If you think more and more people are using their cell phones while driving, you're right: They are. A recent federal study reported that one in every 20 drivers on the road is holding a cell phone to his or her ear while operating a motor vehicle, and one in every 100 drivers can be seen using a text-messaging or other digital device.
Ohio car accident experts and their peers nationally note that, at any moment during the day, roughly 13.5 million drivers are using a hand-held phone. This number is not in decline, despite laws in most states that ban text messaging and the ban in some states that outlaws altogether the use of hand-held cell phones while driving. Text messaging, in fact, is on the rise, according to the National Highway Traffic Safety Administration.
The NHTSA also reports that there is evidence suggesting that one-tenth of all roadway deaths last year -- more than 3,000 in total -- were the direct result of distracted driving. Because this figure includes only confirmed cases of distracted driving, the actual number may be much higher. Pinning the cause of an accident on distracted driving, though, can be difficult because of a lack of witnesses.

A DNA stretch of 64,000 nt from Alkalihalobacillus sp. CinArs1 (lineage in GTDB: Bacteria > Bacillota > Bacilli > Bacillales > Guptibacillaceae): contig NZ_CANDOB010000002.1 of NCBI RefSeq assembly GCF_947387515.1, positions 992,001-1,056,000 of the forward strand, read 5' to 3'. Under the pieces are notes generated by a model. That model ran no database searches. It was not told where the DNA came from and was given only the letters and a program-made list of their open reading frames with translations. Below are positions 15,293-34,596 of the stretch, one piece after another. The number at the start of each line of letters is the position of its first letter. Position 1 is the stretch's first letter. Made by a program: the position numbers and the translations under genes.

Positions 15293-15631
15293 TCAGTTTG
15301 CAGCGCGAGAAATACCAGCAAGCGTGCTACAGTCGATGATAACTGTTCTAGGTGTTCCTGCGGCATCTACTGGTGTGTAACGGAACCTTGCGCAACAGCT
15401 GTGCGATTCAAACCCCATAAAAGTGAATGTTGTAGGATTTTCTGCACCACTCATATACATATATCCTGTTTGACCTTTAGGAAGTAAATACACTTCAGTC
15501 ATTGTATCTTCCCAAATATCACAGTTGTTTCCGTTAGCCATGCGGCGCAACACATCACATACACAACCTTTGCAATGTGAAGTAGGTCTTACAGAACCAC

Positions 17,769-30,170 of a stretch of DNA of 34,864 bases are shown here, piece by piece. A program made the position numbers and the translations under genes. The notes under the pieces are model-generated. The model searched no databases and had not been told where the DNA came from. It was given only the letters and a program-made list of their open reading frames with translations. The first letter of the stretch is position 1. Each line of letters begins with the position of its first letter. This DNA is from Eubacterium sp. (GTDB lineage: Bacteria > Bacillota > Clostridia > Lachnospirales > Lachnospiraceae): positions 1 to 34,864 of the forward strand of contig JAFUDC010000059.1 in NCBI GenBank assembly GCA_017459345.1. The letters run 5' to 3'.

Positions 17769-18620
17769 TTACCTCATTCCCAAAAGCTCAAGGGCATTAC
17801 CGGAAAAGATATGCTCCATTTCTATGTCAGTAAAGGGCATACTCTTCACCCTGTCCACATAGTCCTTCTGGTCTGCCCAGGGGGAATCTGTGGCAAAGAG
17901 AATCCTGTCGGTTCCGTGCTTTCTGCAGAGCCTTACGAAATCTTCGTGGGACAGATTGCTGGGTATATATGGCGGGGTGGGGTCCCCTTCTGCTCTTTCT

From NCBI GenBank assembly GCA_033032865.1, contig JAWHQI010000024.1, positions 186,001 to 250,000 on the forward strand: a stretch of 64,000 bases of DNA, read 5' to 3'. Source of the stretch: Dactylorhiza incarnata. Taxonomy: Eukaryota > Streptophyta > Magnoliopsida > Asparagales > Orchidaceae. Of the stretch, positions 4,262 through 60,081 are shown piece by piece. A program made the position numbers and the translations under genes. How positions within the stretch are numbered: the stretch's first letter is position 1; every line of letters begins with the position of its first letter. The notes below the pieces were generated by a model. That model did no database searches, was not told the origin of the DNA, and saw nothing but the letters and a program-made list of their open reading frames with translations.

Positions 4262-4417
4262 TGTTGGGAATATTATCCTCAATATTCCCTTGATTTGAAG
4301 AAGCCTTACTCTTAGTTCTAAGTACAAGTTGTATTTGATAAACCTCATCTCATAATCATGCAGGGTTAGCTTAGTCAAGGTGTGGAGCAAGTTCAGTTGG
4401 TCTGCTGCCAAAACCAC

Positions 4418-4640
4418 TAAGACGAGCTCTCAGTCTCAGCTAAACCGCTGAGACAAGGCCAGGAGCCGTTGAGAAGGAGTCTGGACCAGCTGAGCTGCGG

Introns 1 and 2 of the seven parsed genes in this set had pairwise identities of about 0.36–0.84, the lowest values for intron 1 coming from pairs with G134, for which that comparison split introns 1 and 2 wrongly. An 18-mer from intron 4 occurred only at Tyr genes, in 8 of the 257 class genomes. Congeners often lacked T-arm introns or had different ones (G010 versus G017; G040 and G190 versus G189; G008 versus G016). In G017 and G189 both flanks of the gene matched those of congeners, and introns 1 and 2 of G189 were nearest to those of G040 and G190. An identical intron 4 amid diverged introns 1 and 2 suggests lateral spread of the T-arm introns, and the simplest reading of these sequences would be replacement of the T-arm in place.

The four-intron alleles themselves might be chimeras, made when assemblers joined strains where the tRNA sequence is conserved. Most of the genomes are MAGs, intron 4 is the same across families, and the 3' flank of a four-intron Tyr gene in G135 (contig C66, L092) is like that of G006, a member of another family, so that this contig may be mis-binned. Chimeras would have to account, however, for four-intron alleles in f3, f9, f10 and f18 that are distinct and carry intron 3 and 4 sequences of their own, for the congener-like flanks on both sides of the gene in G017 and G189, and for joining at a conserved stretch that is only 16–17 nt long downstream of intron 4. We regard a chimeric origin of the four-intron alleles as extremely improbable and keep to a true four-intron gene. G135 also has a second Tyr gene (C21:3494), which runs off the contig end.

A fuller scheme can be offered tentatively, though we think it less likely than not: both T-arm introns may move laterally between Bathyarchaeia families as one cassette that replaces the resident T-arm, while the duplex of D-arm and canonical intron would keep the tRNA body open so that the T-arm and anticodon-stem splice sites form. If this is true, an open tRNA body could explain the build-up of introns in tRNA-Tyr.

In conjunction with the research announcement, the NHTSA also unveiled a new measure for tracking motor vehicle trends. The measurement, called "distraction-affected crashes," will be an aid in future efforts analyzing driving habits.
The research announcement highlights the growing trend of mobile technology and its ability to distract drivers on the road. The increased evidence of the threat of cell phones to motor vehicle drivers and passengers could also guide future efforts to develop safer technology and legislation governing the use of technology while driving.
Source: CNN, "Millions of drivers won't hang up, study shows" Mike M. Ahlers, Dec. 8, 2011